I have installed the thermostat as just a circuit board without the usual box and plug set up I would expect most people would buy.


also using pine and MDF may limit the life span.

Pine and MDF will not limit the lifespan. Its painted and edges will be sealed in case of accidental spills. I think you, like many, may be under the impression that incubators are places of high humidity. That is certainly not the case. 50% relative humidity in climate terms is described as DRY, 60% is considered comfortable.





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PostPosted: Mon Aug 11, 2008 10:53 am 
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Fiesty Fowl
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Great job mate :wink:
Do you sell your thermostats?? have an E2 that has the old style thermostat and would like to update it.
Cheers jd


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PostPosted: Mon Aug 11, 2008 11:16 am 
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Discerning Duck
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Hi Denis,
Thats a great idea.
(Using this photo below as an example here.....)
Image

Would it be possible to make the box deeper and add your 25 degree BBQ motor egg turner? and after the 18th day remove the egg turner and then put the eggs on the wire tray for hatching?

Also could you put the water tray under the light so you can make more humidity or make a seperate department infront of the electronics so the fan will blow over the water tray to product humidity?

I really love your ideas Denis.

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PostPosted: Mon Aug 11, 2008 12:27 pm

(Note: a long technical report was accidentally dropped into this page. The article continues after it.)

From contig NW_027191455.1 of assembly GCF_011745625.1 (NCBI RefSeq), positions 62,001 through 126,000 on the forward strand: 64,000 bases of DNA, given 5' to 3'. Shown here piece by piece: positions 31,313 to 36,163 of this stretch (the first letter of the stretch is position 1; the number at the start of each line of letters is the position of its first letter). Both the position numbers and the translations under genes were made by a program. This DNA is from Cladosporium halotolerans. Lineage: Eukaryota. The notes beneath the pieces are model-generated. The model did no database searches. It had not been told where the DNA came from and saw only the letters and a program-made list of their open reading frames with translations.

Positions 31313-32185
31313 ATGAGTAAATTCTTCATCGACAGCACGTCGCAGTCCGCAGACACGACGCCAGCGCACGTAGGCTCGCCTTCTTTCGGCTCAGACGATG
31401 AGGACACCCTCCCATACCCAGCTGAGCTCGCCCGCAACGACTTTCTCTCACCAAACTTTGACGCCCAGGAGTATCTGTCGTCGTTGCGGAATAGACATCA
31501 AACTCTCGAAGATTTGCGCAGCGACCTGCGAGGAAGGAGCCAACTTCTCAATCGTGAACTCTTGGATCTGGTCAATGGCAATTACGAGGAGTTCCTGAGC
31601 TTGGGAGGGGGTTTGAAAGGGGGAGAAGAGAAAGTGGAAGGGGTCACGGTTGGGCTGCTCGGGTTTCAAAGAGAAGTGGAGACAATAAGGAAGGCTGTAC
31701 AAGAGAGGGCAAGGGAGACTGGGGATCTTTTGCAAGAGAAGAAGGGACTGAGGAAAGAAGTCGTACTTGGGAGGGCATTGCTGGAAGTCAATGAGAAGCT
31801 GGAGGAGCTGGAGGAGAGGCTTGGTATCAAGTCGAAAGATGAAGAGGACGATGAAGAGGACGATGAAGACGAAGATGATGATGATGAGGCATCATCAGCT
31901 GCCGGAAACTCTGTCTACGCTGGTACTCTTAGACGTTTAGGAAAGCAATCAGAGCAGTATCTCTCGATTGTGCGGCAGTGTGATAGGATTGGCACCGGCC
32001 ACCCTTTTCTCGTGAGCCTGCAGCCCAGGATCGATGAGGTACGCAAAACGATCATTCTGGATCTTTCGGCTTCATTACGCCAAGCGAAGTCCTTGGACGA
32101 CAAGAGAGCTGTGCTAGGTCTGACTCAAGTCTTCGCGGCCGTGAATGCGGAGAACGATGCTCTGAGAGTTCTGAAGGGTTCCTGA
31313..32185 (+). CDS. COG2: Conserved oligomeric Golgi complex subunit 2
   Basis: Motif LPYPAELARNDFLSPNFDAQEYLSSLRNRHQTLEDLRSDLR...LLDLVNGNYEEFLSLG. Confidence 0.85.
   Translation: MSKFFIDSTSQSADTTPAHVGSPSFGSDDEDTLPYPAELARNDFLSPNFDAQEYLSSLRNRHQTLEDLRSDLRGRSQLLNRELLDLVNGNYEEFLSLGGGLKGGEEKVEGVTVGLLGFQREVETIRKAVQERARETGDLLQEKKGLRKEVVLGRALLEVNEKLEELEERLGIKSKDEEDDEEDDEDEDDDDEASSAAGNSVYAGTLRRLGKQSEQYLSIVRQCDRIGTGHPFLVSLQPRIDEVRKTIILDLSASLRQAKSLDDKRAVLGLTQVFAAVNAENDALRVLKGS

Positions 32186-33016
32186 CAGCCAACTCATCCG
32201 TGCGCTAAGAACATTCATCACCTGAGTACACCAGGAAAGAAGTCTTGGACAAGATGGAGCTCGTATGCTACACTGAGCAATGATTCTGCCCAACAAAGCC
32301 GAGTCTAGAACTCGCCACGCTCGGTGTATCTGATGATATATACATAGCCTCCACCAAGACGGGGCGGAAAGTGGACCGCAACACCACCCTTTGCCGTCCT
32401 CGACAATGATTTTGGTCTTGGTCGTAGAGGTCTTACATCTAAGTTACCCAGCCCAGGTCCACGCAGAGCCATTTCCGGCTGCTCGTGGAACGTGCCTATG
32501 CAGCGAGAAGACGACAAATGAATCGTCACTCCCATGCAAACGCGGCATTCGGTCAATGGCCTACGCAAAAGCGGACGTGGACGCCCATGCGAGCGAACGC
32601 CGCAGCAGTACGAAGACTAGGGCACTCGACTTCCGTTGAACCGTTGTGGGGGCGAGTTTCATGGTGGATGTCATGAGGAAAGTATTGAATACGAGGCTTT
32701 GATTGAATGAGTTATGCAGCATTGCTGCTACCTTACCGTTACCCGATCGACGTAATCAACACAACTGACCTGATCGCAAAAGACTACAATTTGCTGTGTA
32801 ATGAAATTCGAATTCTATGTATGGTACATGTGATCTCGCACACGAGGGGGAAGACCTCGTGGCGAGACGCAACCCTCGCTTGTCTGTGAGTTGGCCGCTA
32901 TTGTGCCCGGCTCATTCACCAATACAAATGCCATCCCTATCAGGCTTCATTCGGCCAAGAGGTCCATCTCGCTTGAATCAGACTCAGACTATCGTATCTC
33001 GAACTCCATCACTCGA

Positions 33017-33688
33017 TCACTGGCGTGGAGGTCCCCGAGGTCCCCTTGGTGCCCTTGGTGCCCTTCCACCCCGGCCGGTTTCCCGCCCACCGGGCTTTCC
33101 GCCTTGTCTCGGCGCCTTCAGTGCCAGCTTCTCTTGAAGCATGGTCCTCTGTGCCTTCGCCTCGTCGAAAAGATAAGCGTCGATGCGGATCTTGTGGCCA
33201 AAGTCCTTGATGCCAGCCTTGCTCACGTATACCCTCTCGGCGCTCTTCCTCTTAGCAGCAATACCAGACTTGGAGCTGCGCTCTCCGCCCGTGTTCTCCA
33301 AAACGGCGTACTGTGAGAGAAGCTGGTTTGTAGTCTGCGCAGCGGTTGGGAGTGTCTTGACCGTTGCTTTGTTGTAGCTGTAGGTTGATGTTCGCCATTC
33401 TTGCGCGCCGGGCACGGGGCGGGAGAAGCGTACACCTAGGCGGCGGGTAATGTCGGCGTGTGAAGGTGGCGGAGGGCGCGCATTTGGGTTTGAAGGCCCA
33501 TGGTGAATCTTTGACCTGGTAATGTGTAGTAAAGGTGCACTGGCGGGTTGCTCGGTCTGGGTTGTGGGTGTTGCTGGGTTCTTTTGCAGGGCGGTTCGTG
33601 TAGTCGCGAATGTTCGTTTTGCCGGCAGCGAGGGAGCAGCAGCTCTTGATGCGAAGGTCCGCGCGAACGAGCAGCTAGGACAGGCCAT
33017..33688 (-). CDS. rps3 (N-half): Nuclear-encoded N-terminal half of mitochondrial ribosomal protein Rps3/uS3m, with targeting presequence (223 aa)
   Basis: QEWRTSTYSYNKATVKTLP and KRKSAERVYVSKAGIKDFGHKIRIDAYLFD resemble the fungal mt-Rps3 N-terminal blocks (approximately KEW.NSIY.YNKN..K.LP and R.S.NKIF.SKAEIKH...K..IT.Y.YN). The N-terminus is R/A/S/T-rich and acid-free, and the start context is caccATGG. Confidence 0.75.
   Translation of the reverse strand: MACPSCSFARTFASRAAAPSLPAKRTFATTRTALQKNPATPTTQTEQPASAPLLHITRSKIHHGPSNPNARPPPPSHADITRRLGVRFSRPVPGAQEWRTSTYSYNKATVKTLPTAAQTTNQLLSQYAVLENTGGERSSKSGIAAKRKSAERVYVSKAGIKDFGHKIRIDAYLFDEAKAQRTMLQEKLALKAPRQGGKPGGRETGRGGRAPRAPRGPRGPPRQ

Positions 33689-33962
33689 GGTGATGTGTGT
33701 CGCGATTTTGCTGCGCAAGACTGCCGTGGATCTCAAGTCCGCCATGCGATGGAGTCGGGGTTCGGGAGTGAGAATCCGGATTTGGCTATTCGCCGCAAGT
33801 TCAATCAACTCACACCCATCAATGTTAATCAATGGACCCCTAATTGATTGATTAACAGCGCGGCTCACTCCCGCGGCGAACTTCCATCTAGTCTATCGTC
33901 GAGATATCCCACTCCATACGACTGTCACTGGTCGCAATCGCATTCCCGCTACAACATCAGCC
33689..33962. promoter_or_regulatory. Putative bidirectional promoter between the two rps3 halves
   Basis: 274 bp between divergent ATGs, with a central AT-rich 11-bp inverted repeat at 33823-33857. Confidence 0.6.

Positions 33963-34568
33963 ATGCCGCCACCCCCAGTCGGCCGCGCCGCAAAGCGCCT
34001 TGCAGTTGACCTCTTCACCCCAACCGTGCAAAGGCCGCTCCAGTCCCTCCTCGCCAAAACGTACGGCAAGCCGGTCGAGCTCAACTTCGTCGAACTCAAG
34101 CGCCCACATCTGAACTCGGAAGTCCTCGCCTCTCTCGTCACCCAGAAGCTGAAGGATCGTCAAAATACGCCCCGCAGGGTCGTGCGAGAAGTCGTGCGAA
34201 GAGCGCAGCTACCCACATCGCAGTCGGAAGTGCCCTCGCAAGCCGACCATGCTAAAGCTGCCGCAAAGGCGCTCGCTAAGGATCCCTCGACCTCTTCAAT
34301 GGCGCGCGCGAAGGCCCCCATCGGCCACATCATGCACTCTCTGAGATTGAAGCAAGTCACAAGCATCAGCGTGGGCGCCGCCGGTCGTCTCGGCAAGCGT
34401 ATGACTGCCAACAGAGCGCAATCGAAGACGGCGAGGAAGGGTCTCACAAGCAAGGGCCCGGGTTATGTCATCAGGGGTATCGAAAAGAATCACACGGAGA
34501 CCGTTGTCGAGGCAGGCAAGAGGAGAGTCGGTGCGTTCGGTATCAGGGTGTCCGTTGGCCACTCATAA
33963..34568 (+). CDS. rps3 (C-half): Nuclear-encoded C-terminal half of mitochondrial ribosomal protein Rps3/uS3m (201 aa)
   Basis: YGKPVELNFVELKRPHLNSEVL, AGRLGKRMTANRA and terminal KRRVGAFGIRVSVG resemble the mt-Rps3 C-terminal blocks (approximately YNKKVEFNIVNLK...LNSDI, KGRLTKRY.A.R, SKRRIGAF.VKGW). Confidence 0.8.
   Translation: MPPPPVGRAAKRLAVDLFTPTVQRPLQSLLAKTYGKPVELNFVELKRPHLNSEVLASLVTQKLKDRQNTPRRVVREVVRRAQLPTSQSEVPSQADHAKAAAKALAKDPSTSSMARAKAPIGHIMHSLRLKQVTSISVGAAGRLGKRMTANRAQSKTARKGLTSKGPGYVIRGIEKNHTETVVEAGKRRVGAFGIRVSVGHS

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Discerning Duck
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Very impressed Dennis! I think this and the ability to build sheds are probably the two things I'm most jealous of when I see folks DIYing on here! :lol: I suspect if I were to try it, it would A.) take a lot longer than 2 hours, B.) not look anywhere near as neat and C.) my attempt to make a thermostat would work better if my 2 year old tried to do it. :lol:

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PostPosted: Mon Aug 11, 2008 1:10 pm 
This is a wonderful, generous how-to, and I'm grateful to Denis for taking the time to put it up.
Jennie


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PostPosted: Mon Aug 11, 2008 1:39 pm 
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Assist Admin
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chooken wrote:
This is a wonderful, generous how-to, and I'm grateful to Denis for taking the time to put it up.
Jennie


I would second that! :D


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PostPosted: Mon Aug 11, 2008 1:58 pm 
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Superior Bird
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I can hear the gears turning over in your head Kowan.
This tray is 38cm by 38 cm a width chosen to make the tray look as though it was made for incubator ..
The auto turn needs a square of about 40cm for the 36 egg tray from bellsouth. I find that if I use a sheet of MDF 450mm wide as the base the autoturn fits.
I think the sheet I bought was actually 450mm x 900mm.

Normally I have been making my incubators 450mm x 600mm long and 180mm high, with a light and fan at either end. My reasoning being it would be almost impossible not to have good even temperature across the eggs. It is probably overkill though ...

This one is different, not as high, only 140mm high which is enough.

I did one once similar to what Kowan proposed, I had an auto turn shelf leaning in one. The sides needed to be at least 240mm. I wouldn't recommend it though, is really ugly. If you want to do auto turn do a cabinet style with extra hatching shelf and plenty of room for a deep water dish. Last batch of eggs I did, I was actually a few thousand km's away in Qld for two weeks. I came home and they started hatching that night.